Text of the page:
As a teenage girl I was visiting my grandparents house one day. I was enthusiastically telling my grandmother Evie, for whom I was named, what I was going to do. She calmly said, “Always say if it is the Lord’s will, you will do so and so.” She was a Godly example for me to follow. Few times in life since that day have I made a statement of my plans without thinking, or saying, “if it is God’s will.”
When Jesus went to a place called Gethsemane, his soul was deeply troubled, even to death. He prayed to the Father that if it was possible to let his cup of suffering pass away. And then he set the example for us in our praying when he said, “Nevertheless, not as I will, but as you will” (Matthew 26:39). After finding his disciples sleeping and not watching for him, he went back a second time and prayed, “My Father, if this cup cannot be removed unless I drink it, may your will be done” (v. 42). He returned and found the disciples sleeping for their eyes were heavy. He left once more verse 44 states and prayed the same words a third time. Jesus was persistent in his prayer to the Father, but he always wanted the Father’s will to be done.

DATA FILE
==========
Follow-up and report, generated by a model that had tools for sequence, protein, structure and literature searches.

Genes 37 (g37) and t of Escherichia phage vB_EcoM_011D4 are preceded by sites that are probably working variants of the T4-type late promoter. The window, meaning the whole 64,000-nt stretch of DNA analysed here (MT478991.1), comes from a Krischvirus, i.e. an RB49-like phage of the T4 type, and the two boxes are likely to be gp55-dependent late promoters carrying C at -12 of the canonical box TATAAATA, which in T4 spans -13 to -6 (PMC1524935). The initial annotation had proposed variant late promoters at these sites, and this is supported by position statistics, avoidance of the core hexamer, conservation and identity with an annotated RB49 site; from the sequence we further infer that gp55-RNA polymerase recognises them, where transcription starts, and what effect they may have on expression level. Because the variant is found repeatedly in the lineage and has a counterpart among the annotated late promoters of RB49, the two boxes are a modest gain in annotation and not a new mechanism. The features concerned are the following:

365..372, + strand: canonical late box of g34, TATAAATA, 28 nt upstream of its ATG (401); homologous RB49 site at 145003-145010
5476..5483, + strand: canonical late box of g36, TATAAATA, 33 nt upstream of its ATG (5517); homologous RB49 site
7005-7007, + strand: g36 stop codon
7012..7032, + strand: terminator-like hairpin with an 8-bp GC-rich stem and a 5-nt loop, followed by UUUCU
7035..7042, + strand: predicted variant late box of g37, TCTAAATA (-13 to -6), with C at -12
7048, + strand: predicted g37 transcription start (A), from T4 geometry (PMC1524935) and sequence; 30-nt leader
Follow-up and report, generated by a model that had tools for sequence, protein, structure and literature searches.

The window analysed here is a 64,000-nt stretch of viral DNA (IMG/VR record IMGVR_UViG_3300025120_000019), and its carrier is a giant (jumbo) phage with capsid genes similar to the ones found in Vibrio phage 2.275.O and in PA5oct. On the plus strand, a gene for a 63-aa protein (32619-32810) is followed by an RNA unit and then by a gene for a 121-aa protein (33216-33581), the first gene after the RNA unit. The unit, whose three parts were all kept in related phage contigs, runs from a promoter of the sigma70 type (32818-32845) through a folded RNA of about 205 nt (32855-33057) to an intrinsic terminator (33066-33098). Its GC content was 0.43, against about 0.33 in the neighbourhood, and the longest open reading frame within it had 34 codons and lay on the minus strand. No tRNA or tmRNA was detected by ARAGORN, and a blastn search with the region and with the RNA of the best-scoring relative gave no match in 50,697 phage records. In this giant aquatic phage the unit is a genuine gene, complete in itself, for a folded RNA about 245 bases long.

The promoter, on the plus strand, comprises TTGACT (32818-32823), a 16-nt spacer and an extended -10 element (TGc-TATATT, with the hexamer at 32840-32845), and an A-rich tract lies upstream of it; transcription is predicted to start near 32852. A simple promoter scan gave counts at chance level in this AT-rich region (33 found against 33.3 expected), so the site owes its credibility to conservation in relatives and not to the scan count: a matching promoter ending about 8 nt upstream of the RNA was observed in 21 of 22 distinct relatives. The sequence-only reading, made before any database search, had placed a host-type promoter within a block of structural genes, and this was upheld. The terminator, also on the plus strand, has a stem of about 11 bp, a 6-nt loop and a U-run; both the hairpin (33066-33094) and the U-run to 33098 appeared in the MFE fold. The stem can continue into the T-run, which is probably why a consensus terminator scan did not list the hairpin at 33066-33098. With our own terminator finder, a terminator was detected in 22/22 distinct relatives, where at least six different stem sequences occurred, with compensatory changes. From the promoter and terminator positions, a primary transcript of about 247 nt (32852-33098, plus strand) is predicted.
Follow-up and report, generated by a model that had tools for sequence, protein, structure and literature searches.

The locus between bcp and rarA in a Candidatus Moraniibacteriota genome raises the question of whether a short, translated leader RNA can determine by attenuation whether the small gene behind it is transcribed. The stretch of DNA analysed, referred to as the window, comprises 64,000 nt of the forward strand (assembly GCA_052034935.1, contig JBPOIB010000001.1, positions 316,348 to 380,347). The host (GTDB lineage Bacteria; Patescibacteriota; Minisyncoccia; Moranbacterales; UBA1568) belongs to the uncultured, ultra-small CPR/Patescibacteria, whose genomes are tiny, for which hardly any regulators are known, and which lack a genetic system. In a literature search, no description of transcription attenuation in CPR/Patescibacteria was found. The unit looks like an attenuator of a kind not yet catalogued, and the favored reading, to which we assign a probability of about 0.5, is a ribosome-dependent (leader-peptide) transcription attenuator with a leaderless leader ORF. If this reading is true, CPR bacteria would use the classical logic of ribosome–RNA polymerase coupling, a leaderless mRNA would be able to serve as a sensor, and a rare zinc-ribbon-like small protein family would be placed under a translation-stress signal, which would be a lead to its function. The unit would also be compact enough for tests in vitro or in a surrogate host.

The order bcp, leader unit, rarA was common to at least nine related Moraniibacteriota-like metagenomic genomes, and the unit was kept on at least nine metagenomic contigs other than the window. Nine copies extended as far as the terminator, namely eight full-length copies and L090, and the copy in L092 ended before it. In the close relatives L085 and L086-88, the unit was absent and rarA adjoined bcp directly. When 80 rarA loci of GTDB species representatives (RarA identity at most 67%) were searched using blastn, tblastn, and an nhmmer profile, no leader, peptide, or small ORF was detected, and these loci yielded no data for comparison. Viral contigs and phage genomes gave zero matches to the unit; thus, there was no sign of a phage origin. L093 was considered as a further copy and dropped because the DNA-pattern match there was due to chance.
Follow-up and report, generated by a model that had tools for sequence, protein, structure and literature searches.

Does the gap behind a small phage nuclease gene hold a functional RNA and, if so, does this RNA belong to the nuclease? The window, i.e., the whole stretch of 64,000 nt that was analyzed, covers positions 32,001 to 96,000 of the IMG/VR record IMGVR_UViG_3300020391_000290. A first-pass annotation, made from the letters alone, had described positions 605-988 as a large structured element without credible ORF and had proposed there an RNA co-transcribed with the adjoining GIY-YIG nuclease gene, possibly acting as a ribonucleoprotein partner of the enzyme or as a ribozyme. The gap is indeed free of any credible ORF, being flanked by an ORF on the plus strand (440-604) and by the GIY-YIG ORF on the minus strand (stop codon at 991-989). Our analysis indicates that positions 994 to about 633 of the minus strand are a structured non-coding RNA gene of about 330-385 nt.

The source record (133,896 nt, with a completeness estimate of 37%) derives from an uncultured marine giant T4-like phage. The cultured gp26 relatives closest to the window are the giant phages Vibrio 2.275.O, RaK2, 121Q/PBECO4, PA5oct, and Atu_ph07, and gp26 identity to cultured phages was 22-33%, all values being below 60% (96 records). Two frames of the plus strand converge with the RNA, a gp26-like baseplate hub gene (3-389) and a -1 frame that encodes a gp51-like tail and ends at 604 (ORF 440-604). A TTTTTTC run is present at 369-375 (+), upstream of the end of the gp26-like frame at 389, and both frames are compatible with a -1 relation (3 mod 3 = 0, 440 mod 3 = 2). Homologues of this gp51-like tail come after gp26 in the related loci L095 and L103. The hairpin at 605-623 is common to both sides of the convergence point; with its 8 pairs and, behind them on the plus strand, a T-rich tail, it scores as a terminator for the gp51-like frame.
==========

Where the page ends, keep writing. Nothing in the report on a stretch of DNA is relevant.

Grandma Bryant may have been remembering the inspired instructions of James when he said, “Come now, you who are saying, ‘Today or tomorrow we will go to a certain city, and spend a year there. We will trade and make a profit.’ You do not know what tomorrow will bring. What is your life? You are a vapor which briefly appears, and then vanishes. Instead you ought to say, ‘If the Lord wills, we will live, and do this or that'” (James 4:13-15).
Godly examples by the Savior, followed by a Godly grandmother, lives on.